The Secret to the Therapeutic Value of Sheepskin
It is the wool fibres, each individually held intact by the tanned skin of the sheep, which contribute to the woolskin's value as a medical product. Interfaced between patient and bed, they reduce pressure, friction and moisture - the primary causes of pressure sores.
Pressure sores are a result of tissue breakdown due to prolonged compression of tissue and the subsequent reduction of capillary blood flow in tissue between skeletal prominences and the body's external environment.
The causes are pressure at susceptible sites, friction or shear forces at the point of contact between the patient and the support surface and moisture or humidity build up at the interface surface.
The unique properties of wool, its high density of soft but springy and resilient fibres, provide a cushion to distribute and relieve pressure at vulnerable pressure points on the patient's body. The wool fibres have a low friction coefficient - they provide a soft and smooth surface to reduce strain on the patient's skin and shear forces on the underlying tissue.
The wool fibres can absorb up to 34% of their dry weight in moisture without feeling damp.
They rapidly dissipate this moisture away from the source - this alleviates discomfort to immobile patients from perspiration and also reduces moisture build up at the pressure points.
Recent Research on Woolskin Properties
CSIRO's Leather Research Centre and industry have collaborated in a research project aimed at identifying the optimum wool pile properties and woolskin type to optimise comfort, performance and durability for Australian Medical Sheepskins.
The results form the basis of the new Australian Standard which will ensure that Australian Medical Sheepskins can be purchased and used with confidence.
Comfort trials were undertaken with the help of Concord Hospital, Sydney, to evaluate the responses of elderly volunteers to a variety of wool lengths and fibre diameters in both sheepskins and lambskins (skins from young sheep).
These trials were carried out in a simulated hospital environment to evaluate the comfort properties of sheepskins and lambskins when "as-new" and then after one cycle and 10 cycles of hospital laundering and tumble drying.
Wool pile length, for both sheep and lambskins, was the most important consistent property influencing perceived comfort throughout the tests. Comfort factors, generally related to the softness and support provided by the skins, tended to increase with increasing pile length.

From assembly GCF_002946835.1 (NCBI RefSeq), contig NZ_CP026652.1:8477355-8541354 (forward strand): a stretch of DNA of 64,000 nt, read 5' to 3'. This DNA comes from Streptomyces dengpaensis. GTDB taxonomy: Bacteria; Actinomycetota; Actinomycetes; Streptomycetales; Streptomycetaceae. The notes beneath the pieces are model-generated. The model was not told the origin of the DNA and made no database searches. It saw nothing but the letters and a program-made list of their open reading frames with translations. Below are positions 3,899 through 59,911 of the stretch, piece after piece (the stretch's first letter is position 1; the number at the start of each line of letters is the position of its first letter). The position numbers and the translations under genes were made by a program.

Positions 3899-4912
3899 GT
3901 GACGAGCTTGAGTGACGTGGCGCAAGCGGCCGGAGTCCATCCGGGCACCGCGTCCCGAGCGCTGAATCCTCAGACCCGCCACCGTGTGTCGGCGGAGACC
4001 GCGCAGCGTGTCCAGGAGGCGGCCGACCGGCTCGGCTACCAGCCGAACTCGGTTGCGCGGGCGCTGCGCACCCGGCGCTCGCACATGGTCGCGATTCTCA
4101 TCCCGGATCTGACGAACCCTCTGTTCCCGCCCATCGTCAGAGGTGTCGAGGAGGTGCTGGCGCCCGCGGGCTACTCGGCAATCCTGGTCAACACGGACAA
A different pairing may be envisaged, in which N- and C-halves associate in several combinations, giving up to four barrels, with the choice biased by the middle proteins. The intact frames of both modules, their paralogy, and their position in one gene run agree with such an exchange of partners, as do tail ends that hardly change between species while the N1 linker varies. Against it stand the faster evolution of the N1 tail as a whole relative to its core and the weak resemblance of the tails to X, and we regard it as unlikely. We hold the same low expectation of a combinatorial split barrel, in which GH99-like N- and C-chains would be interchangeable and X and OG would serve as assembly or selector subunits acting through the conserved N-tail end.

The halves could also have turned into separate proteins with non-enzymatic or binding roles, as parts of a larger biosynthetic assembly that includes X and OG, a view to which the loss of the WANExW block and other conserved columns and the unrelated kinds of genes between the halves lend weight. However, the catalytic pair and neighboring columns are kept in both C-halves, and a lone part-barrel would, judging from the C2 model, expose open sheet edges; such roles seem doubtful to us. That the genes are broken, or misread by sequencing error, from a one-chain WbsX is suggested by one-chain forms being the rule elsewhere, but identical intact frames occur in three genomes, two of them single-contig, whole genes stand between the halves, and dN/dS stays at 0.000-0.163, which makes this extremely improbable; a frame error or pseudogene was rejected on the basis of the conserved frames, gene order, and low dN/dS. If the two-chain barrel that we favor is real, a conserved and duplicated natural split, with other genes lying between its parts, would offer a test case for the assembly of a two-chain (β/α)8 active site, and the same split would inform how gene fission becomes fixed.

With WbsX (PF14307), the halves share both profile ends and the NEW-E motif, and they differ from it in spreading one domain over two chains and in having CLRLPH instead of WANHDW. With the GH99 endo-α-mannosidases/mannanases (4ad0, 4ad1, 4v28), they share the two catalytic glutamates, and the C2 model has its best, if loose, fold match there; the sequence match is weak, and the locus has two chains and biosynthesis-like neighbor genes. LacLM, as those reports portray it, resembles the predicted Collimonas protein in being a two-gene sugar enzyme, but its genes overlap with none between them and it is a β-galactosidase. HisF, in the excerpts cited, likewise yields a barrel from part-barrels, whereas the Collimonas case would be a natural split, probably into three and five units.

In general, fibre diameter has a minimal effect. The overall comfort rating of sheepskins after the tenth wash tended to increase with decreasing fibre diameter.
In a comparison of skin types, it was noted that lambskins were consistently rated as more supportive but not as soft as sheepskins. However sheepskins were rated overall more comfortable than lambskins.
Performance and Durability
Wool pile performance trials were carried out by CSIRO's Leather Research Centre in real-life studies with patients at Melbourne's Epworth Hospital, and in the CSIRO Leather Research Centre.
Subjective assessments of various properties of both leather and wool were made before and after each cycle of use. The wool was assessed for felting or entanglement, pilling, softness, density and its ability to support a load, and recover.
For wash and in-use performance, lambskins rated better than sheepskins of the same wool length over all fibre diameters. Lambskins suffered much less felting than sheepskins.
In comparison to sheepskins, little change was noted on the lambskins during use.
Whilst sheepskins produce excellent products, the material of first choice is lambskin.
Previously, for the service life of a medical sheepskin, the product was only in "new" condition prior to the first wash. This point-of-sale finish was created by the woolskin tannery which produces a homogeneous ironed finish. Laundering allows the wool fibres to relax - similarly the leather fibres relax and there is a shrinkage on the first wash.
Further laundering does not significantly change the size or appearance of the product.
To eliminate this change from the new to the washed state, the Australian Standard specifies that the wool pile length be fully finished to 30mm at the initial wool finishing stage prior to subsequent wet processing. At the final finishing stage only the extreme wooltips and the long wispy fibres and pills are clipped away from the wool pile. Without further processing the wool maintains the appearance of a washed skin.